Taipei, April 13 (CNA) Building more dementia-friendly communities in Taiwan is vital because more individuals are coming down with degenerative brain diseases as society ages, an organization said Friday, echoing a recent report from the World Health Organization (WHO).
Fifty years from today, one in every 25 Taiwanese people will be diagnosed with dementia, said Tang Li-yu, secretary-general of the Taiwan Alzheimer's Disease Association.
The alarming growth rate resembles figures published by the WHO earlier in the week, which estimated that the number of dementia cases globally will have tripled by 2050.
"It's an illness that can happen to anybody," said Tang at a press conference held to introduce a successful support model for both dementia patients and their families.
According to one estimate, there are more than 190,000 individuals in Taiwan with some form of dementia. Taiwan has a population of approximately 23 million.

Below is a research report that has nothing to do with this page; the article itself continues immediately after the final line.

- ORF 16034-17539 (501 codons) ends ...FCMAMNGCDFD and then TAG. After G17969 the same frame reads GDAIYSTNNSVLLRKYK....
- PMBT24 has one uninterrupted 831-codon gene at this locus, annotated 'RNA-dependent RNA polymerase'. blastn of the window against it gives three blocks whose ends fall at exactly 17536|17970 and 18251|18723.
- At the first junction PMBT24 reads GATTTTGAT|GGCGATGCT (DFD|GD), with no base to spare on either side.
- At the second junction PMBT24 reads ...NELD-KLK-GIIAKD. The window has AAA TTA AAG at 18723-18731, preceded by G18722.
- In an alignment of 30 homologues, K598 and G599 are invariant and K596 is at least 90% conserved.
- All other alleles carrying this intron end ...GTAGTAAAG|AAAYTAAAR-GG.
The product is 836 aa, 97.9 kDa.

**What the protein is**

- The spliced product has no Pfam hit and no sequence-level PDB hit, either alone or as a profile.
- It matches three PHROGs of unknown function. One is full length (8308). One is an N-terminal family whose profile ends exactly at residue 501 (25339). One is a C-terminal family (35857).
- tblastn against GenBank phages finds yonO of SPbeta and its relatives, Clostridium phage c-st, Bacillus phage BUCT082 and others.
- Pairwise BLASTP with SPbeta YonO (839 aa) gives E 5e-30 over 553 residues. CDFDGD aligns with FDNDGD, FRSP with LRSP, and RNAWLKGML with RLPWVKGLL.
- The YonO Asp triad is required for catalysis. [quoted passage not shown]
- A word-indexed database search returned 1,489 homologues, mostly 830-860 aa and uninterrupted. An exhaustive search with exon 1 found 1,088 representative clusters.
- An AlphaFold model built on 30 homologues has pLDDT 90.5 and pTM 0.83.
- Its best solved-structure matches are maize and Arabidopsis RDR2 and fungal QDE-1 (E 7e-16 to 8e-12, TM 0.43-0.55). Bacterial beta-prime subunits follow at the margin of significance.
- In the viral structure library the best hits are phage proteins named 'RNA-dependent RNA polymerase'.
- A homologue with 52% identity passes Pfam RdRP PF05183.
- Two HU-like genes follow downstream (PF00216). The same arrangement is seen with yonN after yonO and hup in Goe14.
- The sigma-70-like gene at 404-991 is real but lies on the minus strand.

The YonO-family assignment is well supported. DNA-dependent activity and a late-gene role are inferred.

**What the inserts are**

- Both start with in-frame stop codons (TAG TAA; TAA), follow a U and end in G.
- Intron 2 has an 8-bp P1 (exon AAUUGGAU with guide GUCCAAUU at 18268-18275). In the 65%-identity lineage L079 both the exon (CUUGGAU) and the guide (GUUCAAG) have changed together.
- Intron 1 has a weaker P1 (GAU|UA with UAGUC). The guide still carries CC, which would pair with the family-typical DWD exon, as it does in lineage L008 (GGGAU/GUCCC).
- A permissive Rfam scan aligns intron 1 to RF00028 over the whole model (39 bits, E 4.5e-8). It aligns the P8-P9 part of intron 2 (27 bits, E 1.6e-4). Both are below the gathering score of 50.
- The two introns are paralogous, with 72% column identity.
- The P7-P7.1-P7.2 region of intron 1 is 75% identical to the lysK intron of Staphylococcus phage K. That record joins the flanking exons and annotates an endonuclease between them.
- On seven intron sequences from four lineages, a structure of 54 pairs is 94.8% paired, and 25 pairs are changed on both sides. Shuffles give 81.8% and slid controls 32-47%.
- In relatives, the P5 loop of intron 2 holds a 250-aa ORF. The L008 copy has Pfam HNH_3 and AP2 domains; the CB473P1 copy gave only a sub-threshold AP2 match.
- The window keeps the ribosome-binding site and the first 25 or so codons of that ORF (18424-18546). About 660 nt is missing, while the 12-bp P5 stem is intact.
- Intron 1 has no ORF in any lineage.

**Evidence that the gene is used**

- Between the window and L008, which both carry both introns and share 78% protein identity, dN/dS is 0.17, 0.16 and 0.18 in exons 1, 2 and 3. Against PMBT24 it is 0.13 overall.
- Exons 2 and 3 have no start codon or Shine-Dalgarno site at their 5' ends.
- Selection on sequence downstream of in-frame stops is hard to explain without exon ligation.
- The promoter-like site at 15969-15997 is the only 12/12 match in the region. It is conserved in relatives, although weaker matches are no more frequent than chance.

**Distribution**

To better serve these patients, Tang and her association argued that that more day-care centers should be established in communities.
Last year, former President Chen Shui-bian rented one of his properties in Taipei to the association for a nominal NT$2,000 (US$63) per month. It was later renovated into a care center for elderly dementia sufferers.
The one-story, five-bedroom house is maintained by both the patients and their family members, who shoulder only the monthly utility fees.
"The center has taken a lot of pressure off my back," said one woman surnamed Tang.
Practicing yoga while her 88-year-old husband sings karaoke, Tang said she comes to the center once a week to interact with the families of other patients.
"I feel so happy because I don't need to worry about him getting lost when I have fun," she said.
(By Nancy Liu)